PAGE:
This can be down to refusing to accept or actually having a bad tasting experience with vegan food, which is easy to experience with the plethora of products that have been spilling onto the shelves over the last few years. Sadly, not every manufacturer has quality and taste at the centre of their product development.
Misjudging passion for pushiness
The core reasons why some vegans tend to be loud is because they are united with their views on animals being voiceless and thus, their voices need to be loud in order to be heard effectively by the masses and in the hope that people will listen, adapt, take notice and consider eating from more ethical sources.
This is dedication to a worthy cause and it’s a strong and growing movement steeped in kindness and passion. But this can sometimes be perceived as preachy and sanctimonious. People can assume vegans are militant, repetitive and self-righteous, which can lead to those all-too-familiar arguments at the dinner table, which most, if not all, vegans have no doubt experienced.
This passion can sometimes be misconstrued as pushiness and may even lead to defiant behaviour in the carnivore’s corner.
Determined to hold on to tradition
Not wanting to break away from tradition, history and old ways of living can also be a factor that determines angry sentiments towards the vegan community. Humans are fairly habitual characters and tend to get attached to things like family roasts, BBQs, steak and ale pies, pub lunches, et al.
The thought of these moments, which fabricate big parts of people’s lives, changing is sometimes too much and something they are not willing to try. Thankfully, the boom in restaurants offering vegan menus will play a big part in breaking this barrier down over the coming years, and it’s likely to be a slightly easier job with the younger demographic, as those who are older may still recall days of food rationing, making them think you shouldn’t be so fussy with food.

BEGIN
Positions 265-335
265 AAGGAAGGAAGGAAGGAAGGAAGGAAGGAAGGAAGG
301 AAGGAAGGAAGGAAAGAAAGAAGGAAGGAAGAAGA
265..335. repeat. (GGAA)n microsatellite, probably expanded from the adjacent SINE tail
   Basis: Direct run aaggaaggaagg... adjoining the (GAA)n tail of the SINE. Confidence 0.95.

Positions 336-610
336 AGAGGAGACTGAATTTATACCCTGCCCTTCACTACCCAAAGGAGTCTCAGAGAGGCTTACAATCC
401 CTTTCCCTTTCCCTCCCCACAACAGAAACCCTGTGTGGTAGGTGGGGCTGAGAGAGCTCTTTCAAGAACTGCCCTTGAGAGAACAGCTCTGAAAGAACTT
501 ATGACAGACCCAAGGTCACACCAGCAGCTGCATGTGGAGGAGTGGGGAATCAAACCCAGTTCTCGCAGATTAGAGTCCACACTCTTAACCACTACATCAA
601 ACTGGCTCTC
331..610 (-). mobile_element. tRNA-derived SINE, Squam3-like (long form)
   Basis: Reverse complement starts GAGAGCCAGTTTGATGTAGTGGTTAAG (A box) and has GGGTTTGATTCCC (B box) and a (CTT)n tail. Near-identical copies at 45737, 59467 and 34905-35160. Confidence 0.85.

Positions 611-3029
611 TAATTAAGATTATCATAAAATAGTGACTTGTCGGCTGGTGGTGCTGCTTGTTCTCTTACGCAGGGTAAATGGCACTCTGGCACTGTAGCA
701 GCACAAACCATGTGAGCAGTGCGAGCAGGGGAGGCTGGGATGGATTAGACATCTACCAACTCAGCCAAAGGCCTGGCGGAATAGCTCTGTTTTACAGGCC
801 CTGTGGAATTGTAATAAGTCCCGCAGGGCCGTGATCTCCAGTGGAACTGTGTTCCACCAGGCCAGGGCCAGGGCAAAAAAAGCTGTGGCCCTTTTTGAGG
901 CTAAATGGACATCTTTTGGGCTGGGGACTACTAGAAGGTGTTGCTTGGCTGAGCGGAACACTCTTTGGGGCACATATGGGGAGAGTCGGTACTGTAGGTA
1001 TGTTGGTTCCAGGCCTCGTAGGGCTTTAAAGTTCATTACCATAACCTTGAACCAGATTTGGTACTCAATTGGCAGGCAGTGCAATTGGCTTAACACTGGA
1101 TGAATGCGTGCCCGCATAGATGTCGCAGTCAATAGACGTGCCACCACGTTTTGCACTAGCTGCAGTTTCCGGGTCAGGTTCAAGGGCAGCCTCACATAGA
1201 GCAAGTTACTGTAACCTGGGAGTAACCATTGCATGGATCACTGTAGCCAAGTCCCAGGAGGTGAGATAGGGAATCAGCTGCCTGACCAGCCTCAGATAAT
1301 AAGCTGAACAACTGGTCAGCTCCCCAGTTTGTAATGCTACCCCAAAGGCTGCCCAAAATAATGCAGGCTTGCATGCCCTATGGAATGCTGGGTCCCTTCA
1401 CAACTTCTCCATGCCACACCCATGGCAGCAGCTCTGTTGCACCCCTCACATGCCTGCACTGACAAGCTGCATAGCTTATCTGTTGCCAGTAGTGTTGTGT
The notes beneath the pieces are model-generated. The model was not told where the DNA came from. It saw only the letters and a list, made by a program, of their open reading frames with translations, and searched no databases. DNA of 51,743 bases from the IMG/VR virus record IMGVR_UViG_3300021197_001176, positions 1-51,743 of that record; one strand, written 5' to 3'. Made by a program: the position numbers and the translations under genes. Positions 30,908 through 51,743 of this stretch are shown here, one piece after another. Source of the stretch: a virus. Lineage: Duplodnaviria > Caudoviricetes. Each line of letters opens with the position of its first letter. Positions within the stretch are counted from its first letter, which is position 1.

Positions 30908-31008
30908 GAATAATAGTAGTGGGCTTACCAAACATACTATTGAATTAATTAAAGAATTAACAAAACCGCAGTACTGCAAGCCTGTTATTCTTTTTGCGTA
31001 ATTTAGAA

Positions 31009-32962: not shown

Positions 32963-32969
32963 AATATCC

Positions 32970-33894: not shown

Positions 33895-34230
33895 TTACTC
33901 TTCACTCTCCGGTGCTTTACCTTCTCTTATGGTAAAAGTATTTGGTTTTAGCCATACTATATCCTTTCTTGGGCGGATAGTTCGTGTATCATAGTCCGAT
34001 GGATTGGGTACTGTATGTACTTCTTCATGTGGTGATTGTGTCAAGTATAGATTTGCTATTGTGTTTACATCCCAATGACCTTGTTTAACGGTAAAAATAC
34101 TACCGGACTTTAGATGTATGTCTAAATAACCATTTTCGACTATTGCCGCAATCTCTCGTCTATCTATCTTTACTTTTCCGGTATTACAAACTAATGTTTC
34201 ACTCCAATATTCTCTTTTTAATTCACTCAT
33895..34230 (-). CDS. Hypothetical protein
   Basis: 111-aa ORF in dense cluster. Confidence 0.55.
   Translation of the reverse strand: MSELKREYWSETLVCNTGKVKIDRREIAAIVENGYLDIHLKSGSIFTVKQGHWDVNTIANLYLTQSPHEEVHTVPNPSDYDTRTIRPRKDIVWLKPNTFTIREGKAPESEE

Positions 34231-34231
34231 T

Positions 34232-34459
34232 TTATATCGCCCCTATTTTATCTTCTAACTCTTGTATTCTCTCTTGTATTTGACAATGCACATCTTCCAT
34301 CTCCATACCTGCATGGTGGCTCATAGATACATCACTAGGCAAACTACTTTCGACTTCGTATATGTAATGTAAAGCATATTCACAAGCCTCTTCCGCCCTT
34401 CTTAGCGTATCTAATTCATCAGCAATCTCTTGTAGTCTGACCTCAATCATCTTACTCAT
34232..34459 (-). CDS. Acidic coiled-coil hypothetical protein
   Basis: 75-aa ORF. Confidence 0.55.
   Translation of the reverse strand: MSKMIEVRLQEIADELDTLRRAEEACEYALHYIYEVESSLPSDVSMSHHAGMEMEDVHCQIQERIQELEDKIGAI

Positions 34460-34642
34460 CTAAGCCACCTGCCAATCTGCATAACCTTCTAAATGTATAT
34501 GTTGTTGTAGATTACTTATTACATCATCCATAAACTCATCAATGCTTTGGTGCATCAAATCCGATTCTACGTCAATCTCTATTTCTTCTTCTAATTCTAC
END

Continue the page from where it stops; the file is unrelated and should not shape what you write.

Others may still believe the old-school thoughts of meat being a status symbol of wealth and don’t want to let go of that. In essence, it can make carnivores edgy that they may have to change a big part of what they and their ancestors have known and practised for decades.
Fearing change on any level here, coupled with a fear of poor tasting products, can hinder any transition to even flexitarianism, let alone veganism.
Given that veganism has been proven to be the single-most effective action for reducing our impact on Earth, if the dreaded anger has to exist, then, at the risk of stating the obvious, wouldn’t it be better directed at those who either refuse to believe, accept or act on this founded fact to build a brighter future?
Veganism is a definitive part of what happens next. Whether we argue with each other or not, one thing looks pretty evident: we are much closer to greener days than we think, judging by recent discussions on future meat taxes, meat rationing and maybe even meat bans. The future is going greener, whether it’s what everyone wants or not.